Summer nightmare

A pet sitter horror story

I've heard so many canine horror stories and many of them were true. These tales give me worse nightmares than any tale Stephen King ever wrote! If someone should publish an anthology of canine horror stores, this one would definitely be included.

As the summer of '95 was winding down, some friends of mine made plans to take a week's vacation to New York to visit family. This couple usually rented a van or mini-van to drive on the trip to accommodate their child and six Shetland Sheepdogs. Mini-vans were very popular this summer for this purpose, so all my friends could find available to rent was a sedan. So, the decision was made to travel with two dogs. Being very responsible dog owners, they arranged for a pet sitter to come and care for the other four shelties who were left in their crates in the basement.

The pet sitter never showed up!

Evidently there was a misunderstanding over which weekend the sitter was to come. When my friends returned home after being away for five days and nights, they spotted the instruction sheet for the pet sitter still neatly tacked to the garage door their first clue that something was wrong. After they entered the house, they found the second instruction sheet still on the kitchen counter, untouched dog food, and an overwhelming smell.

Luckily, these friends have a lot to be thankful for. While the dogs had been confined in their crates without any food or water for five days, they were all alive. Their 14-year-old Sheltie did need to be rushed to the emergency clinic; but after a stay of a few days, he was back to normal. They did incur a lot of expense, and the mess was monstrous to clean up, but things could have been much worse.

These people live in a neighborhood where the neighbors are fairly close by. Surely someone heard the dogs barking, or noticed the mail and newspapers piling up?? My friends wish someone had called the police or humane society. Neighbors seem to have noticed nothing.


There are bad apples found in every profession, and even the best businesses make mistakes if communication is unclear or misinterpreted. The bottom line when choosing a pet sitter is, do your homework and go with your gut feelings about the individual. A seasoned professional pet sitter is used to being grilled and held up to scrutiny during the get-acquainted visit. Those who are reputable expect you to check them out thoroughly, so please do so.

Leslie Eufrazio who runs Pet Services by Leslie in Franklinton, North Carolina, sent the following suggestions for dog owners looking for a pet sitter:

  1. Get and check at least five references.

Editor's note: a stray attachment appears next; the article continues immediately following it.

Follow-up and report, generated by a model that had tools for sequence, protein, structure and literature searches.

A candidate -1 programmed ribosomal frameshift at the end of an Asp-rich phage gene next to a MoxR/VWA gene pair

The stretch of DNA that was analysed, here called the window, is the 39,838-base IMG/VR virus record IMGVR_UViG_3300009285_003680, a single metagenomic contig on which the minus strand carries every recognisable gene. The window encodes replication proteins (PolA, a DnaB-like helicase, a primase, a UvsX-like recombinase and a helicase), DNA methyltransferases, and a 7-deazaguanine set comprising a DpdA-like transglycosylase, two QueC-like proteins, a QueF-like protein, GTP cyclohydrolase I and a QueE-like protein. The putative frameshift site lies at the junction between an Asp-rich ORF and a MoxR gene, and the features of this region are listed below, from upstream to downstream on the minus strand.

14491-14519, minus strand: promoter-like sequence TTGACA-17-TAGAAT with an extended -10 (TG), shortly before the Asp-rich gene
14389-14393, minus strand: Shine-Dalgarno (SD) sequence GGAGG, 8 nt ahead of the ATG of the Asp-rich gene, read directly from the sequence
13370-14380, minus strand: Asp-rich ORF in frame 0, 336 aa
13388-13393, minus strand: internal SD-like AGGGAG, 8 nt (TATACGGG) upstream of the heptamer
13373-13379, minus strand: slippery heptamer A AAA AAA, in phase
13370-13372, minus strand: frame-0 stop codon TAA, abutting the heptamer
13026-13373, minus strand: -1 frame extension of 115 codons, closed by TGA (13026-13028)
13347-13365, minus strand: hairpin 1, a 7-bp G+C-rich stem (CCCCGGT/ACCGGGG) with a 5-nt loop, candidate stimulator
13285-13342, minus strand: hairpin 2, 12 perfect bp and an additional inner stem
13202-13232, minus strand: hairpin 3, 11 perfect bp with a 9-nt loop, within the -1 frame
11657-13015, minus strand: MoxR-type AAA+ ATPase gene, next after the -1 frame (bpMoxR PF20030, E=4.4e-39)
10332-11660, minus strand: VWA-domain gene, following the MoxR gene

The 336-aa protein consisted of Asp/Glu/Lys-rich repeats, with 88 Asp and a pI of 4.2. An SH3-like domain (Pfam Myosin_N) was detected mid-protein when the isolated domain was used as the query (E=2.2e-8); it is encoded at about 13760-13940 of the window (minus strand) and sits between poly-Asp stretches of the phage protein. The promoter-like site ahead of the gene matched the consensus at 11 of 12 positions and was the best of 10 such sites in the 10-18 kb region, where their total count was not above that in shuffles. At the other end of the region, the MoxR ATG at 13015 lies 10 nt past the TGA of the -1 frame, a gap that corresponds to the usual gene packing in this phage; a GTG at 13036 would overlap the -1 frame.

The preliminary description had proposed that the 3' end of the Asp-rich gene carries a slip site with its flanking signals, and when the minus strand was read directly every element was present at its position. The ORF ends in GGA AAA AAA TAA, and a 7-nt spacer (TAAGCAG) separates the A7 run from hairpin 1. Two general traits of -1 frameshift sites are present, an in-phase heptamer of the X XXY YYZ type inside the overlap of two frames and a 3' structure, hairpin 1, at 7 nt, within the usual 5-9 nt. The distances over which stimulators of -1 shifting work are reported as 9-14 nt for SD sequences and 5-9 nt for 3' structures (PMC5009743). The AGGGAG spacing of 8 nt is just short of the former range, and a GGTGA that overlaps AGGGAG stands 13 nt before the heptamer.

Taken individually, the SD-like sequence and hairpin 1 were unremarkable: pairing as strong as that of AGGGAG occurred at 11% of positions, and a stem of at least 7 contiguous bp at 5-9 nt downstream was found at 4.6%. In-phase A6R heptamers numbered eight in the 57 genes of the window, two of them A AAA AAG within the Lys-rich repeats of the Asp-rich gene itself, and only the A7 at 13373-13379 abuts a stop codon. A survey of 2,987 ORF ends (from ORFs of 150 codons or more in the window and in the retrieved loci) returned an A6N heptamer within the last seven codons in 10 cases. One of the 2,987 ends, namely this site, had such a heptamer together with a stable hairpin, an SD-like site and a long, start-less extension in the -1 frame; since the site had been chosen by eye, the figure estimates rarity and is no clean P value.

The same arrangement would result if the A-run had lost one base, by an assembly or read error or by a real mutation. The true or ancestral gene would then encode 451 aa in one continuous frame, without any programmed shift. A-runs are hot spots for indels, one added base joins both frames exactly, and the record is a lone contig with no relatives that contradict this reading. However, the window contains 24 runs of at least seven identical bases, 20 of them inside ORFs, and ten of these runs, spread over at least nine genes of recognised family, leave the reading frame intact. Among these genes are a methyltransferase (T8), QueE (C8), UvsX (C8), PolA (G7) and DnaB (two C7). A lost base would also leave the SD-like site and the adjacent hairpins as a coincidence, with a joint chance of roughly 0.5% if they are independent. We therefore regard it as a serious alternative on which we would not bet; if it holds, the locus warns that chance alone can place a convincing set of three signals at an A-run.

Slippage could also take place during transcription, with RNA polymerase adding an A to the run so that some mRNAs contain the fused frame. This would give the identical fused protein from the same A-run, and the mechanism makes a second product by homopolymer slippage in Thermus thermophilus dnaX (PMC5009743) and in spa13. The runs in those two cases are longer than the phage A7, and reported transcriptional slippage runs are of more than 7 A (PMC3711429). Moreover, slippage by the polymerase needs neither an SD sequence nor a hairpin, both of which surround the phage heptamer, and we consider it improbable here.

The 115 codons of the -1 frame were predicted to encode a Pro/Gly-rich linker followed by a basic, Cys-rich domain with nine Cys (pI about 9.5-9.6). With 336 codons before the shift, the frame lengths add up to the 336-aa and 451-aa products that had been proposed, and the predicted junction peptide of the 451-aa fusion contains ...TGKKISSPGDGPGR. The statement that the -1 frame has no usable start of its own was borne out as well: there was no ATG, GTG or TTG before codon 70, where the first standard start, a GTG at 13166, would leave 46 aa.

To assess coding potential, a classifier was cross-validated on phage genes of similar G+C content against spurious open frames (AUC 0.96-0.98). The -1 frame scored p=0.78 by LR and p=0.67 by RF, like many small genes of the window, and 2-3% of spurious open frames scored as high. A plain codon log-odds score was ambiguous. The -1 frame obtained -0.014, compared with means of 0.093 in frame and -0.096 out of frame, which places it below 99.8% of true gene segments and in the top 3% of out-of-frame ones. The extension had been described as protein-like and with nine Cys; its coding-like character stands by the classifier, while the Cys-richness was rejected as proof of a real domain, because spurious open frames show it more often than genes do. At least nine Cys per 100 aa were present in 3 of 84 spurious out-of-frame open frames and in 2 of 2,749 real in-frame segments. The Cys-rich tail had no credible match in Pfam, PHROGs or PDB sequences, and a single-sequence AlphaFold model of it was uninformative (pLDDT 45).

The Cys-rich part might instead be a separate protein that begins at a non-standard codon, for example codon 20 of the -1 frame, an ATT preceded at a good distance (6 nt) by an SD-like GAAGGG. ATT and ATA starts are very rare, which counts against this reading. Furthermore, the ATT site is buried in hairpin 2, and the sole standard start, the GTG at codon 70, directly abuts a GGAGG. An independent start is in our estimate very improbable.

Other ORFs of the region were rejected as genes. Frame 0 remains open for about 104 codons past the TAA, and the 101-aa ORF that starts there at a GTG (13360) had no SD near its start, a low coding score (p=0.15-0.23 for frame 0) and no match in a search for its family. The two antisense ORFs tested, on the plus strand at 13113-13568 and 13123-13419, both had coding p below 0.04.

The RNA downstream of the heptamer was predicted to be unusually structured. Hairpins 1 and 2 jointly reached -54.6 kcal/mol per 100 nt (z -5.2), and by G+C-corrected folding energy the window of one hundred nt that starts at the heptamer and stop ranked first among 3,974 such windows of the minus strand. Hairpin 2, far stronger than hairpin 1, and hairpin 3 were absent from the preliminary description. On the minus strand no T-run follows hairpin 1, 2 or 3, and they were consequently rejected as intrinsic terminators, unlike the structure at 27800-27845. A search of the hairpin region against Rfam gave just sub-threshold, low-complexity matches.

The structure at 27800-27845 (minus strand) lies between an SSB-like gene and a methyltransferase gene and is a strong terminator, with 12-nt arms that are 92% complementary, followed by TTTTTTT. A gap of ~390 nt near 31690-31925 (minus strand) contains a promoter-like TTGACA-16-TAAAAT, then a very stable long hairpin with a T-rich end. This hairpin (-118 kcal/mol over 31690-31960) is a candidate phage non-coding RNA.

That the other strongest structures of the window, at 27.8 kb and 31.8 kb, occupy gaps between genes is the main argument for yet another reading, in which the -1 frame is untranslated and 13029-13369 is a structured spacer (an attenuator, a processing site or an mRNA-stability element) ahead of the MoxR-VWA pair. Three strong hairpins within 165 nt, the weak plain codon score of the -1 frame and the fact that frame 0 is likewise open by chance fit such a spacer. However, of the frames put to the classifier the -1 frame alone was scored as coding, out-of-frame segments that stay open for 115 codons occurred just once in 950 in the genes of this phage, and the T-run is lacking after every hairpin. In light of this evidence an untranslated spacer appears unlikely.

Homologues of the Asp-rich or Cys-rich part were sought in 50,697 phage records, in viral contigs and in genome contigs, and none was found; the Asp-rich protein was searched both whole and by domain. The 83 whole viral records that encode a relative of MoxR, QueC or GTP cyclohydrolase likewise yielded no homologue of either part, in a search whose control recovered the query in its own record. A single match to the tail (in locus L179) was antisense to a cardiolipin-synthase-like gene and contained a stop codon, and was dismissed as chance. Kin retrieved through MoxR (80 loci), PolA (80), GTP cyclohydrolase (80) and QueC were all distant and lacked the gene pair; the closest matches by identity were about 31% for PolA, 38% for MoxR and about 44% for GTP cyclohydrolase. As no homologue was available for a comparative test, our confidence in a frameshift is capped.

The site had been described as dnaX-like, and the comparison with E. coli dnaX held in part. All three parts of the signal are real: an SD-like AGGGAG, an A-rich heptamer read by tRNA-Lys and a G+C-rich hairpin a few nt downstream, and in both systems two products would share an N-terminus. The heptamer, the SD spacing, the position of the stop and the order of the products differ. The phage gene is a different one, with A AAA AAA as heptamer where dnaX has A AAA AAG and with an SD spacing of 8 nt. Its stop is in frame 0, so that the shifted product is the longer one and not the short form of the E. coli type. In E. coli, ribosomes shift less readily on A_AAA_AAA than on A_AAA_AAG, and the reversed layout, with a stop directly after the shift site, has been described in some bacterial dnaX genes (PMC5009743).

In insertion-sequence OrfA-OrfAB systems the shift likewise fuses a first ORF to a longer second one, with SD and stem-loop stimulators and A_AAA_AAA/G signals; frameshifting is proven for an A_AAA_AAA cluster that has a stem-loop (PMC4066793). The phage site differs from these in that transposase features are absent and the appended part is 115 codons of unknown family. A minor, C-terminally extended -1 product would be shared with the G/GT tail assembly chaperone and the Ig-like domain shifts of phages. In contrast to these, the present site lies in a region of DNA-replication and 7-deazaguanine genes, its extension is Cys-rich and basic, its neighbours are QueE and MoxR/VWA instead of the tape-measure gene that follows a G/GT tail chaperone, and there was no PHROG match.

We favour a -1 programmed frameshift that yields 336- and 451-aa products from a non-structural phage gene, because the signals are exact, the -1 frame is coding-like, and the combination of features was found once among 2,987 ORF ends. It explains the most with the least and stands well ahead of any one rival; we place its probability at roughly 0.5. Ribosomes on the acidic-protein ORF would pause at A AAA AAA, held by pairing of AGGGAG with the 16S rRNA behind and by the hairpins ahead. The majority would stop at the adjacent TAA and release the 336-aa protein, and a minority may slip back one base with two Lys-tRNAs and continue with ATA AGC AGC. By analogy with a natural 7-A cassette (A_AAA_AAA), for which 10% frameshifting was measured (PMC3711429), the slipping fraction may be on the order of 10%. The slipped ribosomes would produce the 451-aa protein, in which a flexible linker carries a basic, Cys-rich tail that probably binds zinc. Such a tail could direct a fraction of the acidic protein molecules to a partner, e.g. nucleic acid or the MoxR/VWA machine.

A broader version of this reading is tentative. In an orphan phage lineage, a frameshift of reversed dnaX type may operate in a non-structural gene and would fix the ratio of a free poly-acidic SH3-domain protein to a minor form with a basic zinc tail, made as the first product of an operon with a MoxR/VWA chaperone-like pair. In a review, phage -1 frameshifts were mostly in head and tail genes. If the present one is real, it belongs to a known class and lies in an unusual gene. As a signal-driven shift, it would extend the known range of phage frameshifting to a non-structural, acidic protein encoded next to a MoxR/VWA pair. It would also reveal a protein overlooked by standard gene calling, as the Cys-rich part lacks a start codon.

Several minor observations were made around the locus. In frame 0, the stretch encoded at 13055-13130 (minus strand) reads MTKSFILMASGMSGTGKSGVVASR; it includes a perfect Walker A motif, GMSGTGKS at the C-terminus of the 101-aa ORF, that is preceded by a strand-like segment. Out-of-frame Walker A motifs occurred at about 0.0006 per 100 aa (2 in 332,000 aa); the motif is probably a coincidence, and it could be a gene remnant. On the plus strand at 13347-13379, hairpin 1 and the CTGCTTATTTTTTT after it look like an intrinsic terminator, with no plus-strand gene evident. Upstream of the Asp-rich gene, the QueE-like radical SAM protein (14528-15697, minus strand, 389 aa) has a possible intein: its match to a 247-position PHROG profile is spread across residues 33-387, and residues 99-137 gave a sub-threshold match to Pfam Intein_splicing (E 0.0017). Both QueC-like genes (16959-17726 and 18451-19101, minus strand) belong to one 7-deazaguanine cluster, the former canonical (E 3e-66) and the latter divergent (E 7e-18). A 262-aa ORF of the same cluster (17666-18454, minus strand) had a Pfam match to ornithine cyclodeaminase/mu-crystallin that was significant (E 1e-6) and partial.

2. Be sure the pet sitter has professional affiliations, i.e.-PSI (Pet Sitters International) or NAPS (National Association of Pet Sitters). These organizations offer seminars and newsletters that help pet sitters provide knowledgeable and ever-improving care for pets. Memberships can be evidence that the business has some permanence in the community. Other memberships such as Chamber of Commerce are good too.
  3. Ask the sitter what he or she would do in the case of illness or inclement weather?
  4. Choose a service that promises to spend a set minimum amount of time with your pet.
  5. What pets does the sitter own? (Leslie would only want "real dog people" caring for her Rottweilers.)
  6. Why did the sitter get into this business? What did they do before? (In addition to being "animal people," the sitter should come from a background that promotes excellent judgment and communication skills.)
  7. Is the service bonded? Licensed (if required in your area)?
  8. Is the sitter insured with a policy written specifically for pet sitters? Does it include "care, custody and control" of your pet and belongings; and re-keying of your locks if your key is lost or stolen?
  9. How are the employees selected? These people will be entering your home; is a criminal background check done annually on each one?
  10. Always insist on a get-acquainted visit with the sitter prior to your trip. Schedule this well in advance; a reputable, successful pet sitter does not squeeze you in to his or her schedule.
  11. At the get-acquainted visit, does the pet sitter ask to see shot records?
  12. Does he ask good questions about your pet's feeding, exercise, and clean up requirements; and get detailed information regarding where you can be reached?
  13. Does he get the number of a friend or relative, in case of emergency; as well as your veterinarian's number and the pet's medical history?
  14. Learn up front what else is included in the fee. Will they bring in mail, change lights, rotate blinds, or water plants?
  15. What are the extra costs? Some services charge for the get-acquainted visit or charge an initial registration fee. Some charge extra for each pet over a certain number.

Pet sitting is a specialty service tailored to meet your pet's individual needs. If you have only a couple of pets, and are seeking to economize, a pet sitting service may not be your best option.

We'd add a couple of other questions:

Then, use the telephone. I would call the day before you are leaving to confirm the pet sitter's schedule and make sure the emergency contacts are handy, and call again a couple of days into the trip, just to make sure everything is all right. I'd also call a relative or neighbor and ask him to drive by or walk over and check the house just to see if things look normal. On the few times that Rick and I have had to board our dogs at a boarding kennel, I always insist on calling the kennel mid-trip. Rick always accuses me of being paranoid, and says the kennel manager is sure I am insane, but I do it anyway.

Ozzie Foreman

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